EVERY CLUB wants to get into the Champions League, not just for TV exposure, prestige or winning the ultimate club trophy but essentially for the money it generates.
This season’s competition is expected to generate around an incredible £1 billion from TV rights. It’s why the Champions League is the biggest cash generator in football and last season £690 million was set aside for prize money alone.
Man United’s pulling power was such that although defeated by Barcelona in the final, they earned £50 million for their efforts while the Catalans only received a “measly” £46 million although they ended up with the trophy.
To put this in perspective, United only picked up £15 million for winning the Premier League title.
It’s a complicated system but basically all the TV and media rights money goes into a market pool to be shared out.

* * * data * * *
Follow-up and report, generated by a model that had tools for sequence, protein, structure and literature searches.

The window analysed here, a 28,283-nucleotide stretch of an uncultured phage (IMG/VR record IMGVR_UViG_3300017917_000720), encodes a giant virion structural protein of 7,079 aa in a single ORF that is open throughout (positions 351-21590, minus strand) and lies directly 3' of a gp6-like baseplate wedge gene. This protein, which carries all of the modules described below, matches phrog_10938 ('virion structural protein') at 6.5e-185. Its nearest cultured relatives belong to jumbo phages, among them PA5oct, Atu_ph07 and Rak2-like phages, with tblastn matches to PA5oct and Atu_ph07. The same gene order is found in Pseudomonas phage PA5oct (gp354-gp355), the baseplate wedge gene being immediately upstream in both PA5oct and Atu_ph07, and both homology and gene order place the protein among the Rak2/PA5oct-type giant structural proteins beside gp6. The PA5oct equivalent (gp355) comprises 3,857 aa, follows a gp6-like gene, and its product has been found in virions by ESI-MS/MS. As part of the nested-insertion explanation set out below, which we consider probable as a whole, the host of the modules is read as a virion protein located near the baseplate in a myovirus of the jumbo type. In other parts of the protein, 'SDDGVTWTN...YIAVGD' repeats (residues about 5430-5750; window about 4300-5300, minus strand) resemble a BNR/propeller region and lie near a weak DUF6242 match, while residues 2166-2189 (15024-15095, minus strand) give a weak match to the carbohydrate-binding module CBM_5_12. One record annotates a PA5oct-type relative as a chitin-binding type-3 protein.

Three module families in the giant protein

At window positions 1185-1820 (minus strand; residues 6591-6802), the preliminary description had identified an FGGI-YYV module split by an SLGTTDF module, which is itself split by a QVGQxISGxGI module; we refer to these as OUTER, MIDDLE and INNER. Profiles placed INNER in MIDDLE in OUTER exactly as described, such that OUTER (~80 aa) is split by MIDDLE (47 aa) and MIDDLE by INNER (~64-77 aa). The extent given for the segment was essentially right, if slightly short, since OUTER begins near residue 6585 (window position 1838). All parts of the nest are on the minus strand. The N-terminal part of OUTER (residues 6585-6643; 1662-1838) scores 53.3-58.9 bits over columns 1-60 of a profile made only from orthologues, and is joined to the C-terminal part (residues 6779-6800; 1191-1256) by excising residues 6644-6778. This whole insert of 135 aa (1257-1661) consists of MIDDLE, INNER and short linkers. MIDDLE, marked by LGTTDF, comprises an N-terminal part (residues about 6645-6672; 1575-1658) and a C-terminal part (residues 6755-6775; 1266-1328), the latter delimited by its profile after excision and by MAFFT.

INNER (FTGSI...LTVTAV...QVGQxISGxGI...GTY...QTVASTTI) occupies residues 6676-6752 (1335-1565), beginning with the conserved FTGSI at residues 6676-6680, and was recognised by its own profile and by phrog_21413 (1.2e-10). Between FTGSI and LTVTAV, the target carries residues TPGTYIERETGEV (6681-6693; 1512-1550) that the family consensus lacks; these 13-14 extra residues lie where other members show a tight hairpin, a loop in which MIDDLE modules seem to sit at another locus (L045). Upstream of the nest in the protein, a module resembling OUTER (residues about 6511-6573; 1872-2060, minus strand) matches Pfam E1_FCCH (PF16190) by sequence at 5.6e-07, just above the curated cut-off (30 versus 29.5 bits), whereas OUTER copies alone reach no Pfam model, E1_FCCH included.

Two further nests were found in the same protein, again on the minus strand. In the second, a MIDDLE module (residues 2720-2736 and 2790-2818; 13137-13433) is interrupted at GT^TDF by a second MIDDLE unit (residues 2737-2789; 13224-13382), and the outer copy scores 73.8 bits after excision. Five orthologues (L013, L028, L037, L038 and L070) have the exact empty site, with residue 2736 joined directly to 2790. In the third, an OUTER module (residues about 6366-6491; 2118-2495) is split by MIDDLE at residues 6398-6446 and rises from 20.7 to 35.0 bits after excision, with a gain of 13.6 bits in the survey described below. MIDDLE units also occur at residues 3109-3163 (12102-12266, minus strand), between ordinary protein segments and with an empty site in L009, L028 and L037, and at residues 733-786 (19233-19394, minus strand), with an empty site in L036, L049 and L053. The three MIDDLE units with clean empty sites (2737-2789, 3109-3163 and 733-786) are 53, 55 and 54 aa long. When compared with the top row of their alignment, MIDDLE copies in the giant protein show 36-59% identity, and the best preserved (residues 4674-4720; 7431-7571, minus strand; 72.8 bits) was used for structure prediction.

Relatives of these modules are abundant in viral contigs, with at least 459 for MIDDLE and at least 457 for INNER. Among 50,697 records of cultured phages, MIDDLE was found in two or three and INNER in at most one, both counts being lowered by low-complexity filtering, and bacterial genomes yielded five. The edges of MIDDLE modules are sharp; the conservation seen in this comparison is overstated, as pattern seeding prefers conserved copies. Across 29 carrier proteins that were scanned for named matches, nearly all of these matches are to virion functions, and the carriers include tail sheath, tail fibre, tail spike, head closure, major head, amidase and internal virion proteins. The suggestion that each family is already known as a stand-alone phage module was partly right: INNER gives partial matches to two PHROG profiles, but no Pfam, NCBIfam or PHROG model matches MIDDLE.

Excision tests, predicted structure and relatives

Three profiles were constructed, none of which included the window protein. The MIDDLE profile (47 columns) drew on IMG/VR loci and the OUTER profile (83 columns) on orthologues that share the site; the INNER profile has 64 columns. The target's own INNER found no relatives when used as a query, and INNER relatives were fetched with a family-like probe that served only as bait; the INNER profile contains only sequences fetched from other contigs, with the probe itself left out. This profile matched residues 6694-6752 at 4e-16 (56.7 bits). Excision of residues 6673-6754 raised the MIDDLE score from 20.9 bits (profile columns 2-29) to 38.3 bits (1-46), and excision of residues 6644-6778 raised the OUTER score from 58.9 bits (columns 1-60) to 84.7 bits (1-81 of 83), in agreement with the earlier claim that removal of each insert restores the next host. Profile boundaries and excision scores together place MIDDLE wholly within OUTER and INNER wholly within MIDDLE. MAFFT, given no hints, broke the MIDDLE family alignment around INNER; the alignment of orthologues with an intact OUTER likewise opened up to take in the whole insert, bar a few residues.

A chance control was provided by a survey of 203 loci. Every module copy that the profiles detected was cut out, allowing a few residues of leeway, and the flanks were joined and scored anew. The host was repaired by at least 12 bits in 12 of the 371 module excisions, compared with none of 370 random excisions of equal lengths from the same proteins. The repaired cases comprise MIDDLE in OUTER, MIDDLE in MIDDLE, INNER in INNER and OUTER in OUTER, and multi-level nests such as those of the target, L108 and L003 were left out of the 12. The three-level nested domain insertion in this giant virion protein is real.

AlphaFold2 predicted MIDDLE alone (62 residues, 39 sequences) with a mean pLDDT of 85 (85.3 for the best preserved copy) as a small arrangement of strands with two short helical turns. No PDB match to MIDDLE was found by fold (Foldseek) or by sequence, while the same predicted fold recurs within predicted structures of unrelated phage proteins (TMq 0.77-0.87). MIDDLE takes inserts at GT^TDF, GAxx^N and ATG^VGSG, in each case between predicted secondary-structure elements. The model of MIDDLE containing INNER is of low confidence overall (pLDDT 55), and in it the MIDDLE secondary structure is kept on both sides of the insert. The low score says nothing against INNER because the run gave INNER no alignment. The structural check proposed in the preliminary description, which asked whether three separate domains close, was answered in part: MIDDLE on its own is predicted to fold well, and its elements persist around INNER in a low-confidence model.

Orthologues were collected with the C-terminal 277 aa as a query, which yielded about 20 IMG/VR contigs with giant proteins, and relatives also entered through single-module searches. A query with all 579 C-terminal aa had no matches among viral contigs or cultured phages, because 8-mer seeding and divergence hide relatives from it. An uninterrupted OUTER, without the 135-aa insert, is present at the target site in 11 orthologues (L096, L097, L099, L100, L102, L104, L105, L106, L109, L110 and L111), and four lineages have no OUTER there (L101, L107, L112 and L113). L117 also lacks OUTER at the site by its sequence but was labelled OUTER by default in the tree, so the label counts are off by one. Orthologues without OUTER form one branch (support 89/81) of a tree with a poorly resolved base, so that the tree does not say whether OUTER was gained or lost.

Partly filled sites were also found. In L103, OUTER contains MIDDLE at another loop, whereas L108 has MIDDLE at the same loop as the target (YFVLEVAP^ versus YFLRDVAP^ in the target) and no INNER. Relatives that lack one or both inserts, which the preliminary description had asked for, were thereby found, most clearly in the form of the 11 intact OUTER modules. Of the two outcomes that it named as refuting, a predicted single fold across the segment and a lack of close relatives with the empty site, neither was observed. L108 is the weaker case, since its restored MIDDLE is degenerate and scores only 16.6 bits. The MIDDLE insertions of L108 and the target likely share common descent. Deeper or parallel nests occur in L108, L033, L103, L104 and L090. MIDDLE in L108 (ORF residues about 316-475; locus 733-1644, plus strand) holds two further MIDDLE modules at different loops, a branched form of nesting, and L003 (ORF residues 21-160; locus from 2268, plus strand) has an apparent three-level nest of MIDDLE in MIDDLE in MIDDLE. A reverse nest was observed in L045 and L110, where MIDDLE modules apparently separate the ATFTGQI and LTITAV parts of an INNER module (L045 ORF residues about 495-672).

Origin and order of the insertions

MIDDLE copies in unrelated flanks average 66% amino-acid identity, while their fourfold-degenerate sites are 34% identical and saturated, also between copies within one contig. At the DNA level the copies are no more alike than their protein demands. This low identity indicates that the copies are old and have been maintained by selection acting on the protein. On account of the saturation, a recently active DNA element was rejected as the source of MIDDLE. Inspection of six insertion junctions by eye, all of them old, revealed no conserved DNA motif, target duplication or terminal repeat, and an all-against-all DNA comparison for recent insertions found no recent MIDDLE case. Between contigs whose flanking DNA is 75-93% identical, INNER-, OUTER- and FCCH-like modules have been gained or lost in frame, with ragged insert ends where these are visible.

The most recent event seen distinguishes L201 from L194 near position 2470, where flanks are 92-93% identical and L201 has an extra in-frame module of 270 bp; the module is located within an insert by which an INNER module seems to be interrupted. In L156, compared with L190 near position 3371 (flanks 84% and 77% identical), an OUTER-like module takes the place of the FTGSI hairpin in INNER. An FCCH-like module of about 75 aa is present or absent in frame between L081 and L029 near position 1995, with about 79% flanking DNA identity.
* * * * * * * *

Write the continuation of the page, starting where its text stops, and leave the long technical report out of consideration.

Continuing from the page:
The more one country puts in, the more clubs from that country can take out as a percentage.
In the market pool Chelsea, although eliminated, earned £25 million which was £7 million more than Barca who were the eventual winners.
Rangers, who were also eliminated at the group stage, earned £17 million which in SPL terms is incredible.
The lowest earners by far were MSK Zilina but even they earned a respectable £8 million.
For smaller clubs from lesser known leagues this type of money can be an absolute lifeline. Even a big club like Rangers would admit that their Champions League money allowed them to pay off a large portion of their debt and no doubt the same would be true of Celtic.
For clubs like Man United and Barcelona, this Champions League money has come to be part of the norm and as such is built into their budgets.
So the next time anyone asks you why all the fuss about the Champions League, you can give them a very simple answer . . . MoneyRead more from the Doc in the Journal every Tuesday